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Being Dr. Evil: Engaging Students With Humorous Project Premises

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2007 Annual Conference & Exposition


Honolulu, Hawaii

Publication Date

June 24, 2007

Start Date

June 24, 2007

End Date

June 27, 2007



Conference Session

Improving ME Education: Trends in Mechanical Engineering I

Tagged Division

Mechanical Engineering

Page Count


Page Numbers

12.303.1 - 12.303.17



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Paper Authors


Stephen McClain Baylor University

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Stephen T. McClain is an Assistant Professor at the University of Alabama at Birmingham. He received his B.S. in mechanical engineering from The University of Memphis in 1995, and he received his M.S. (1997) and Ph.D. (2002) degrees in mechanical engineering from Mississippi State University. Dr. McClain has taught classes in thermodynamics, fluid mechanics, thermal systems design, convection heat transfer, internal combustion engines, and experimental design and uncertainty analysis.

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NOTE: The first page of text has been automatically extracted and included below in lieu of an abstract

Being Dr. Evil: Engaging Students with Humorous Project Premises


Design projects or open-ended problems are assigned throughout the engineering curriculum at the University of Alabama at Birmingham (UAB). In senior design courses, assigning real- world design projects is imperative to prepare the students for the job they may be performing the following year. In the basic engineering science courses, however, finding design projects that engage the students, that demonstrate the real-world applications of the basic engineering science, and that do not seem like “busy-work” to the students requires imagination. Over the past four years, humorous projects, based on the Austin Powers movie trilogy (parodies of the James Bond movie series and other action and espionage movies), have been extremely successful in keeping students engaged in basic engineering-science projects. Three examples of “Dr. Evil” projects are discussed. One of the projects was assigned in a section of ME 242 Thermodynamics II course and involved the design of Rankine-Brayton combined cycle power plant. The second project was assigned in a section of ME 321 Introduction to Fluid Mechanics and required the students to determine the thrust-reverser turn angle on the Virtucon Inc. corporate jet necessary to stop the jet when landing on the short runway at Dr. Evil’s Secret-Lair Island. The final project, assigned in ME 455 Thermal Systems Design, requires the students to design a hot-water heating system for the Secret-Lair’s Engineering Office Building. While being funny and engaging students, the projects have also been very useful in 1) providing a ghost audience for the students’ technical documents, 2) introducing environmental and ethical concepts, 3) introducing the bidding process, 4) demonstrating the engineering-related implausibility of plots common to many “evil villain-world domination” films.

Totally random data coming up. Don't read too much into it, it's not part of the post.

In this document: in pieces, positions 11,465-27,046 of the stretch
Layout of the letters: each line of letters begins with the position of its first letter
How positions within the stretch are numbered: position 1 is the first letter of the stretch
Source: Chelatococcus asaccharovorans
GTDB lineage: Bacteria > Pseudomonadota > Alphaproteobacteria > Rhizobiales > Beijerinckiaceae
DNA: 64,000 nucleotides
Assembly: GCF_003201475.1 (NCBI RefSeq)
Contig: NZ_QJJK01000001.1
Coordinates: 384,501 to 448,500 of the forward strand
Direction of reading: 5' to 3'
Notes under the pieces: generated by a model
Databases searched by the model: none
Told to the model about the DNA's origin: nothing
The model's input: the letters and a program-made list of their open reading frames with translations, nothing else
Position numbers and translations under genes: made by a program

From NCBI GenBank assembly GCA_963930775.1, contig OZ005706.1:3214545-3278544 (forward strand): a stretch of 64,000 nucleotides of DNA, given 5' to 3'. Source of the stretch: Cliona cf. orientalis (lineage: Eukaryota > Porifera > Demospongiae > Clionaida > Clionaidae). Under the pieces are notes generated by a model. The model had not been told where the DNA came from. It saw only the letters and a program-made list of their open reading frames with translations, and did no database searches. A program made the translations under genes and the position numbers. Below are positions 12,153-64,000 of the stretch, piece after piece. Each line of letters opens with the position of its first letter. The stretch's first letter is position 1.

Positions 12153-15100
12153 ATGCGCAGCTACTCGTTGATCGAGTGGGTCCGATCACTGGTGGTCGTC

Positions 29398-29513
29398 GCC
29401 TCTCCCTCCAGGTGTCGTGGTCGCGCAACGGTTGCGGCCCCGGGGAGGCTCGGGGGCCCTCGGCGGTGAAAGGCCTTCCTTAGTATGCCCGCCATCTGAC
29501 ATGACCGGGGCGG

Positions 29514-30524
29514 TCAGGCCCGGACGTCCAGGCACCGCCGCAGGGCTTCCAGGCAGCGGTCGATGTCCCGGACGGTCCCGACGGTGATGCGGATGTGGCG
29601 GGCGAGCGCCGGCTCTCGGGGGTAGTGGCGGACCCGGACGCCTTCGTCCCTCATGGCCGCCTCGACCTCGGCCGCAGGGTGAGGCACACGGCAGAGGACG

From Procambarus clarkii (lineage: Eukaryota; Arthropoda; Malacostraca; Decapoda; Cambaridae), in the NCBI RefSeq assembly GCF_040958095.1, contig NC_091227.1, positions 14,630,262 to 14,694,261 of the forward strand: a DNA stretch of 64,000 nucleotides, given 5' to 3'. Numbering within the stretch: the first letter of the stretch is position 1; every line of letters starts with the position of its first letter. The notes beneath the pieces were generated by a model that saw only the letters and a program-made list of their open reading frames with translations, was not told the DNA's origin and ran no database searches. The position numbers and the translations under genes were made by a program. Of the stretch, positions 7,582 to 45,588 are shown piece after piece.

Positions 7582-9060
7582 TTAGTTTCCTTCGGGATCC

In many ways, this paper may seem to be just another example of what happens when a class clown grows up to become a professor [1-5]. However, the benefits of using humor while teaching are well documented [6-8]. The process of learning is uncomfortable! Teaching with active learning requires asking students questions about material that has not been presented or about material that has only been partially presented. When asked a question to which a person does not know the answer, the individual naturally feels uneasy. Classroom humor relaxes the student and promotes active learning.

Current engineering pedagogy includes the use of design projects throughout the engineering curriculum. In senior-level courses, students are normally motivated and do not need a comical pretense for design projects. At the senior level, students fully understand the relationship between the projects and the work that they may be performing in a few short months.

In sophomore and junior-level engineering courses, which are primarily basic engineering sciences, students often do not understand the purpose of design projects. The level of the material presented in the sophomore and junior-level courses requires that design projects be “birds-eye view” projects. For example in an applied thermodynamics course where power cycle basics are covered, students can “design” a power system, but many of the real component engineering details cannot be addressed by the students. Because of the lack of engineering

McClain, S. (2007, June), Being Dr. Evil: Engaging Students With Humorous Project Premises Paper presented at 2007 Annual Conference & Exposition, Honolulu, Hawaii. 10.18260/1-2--1923

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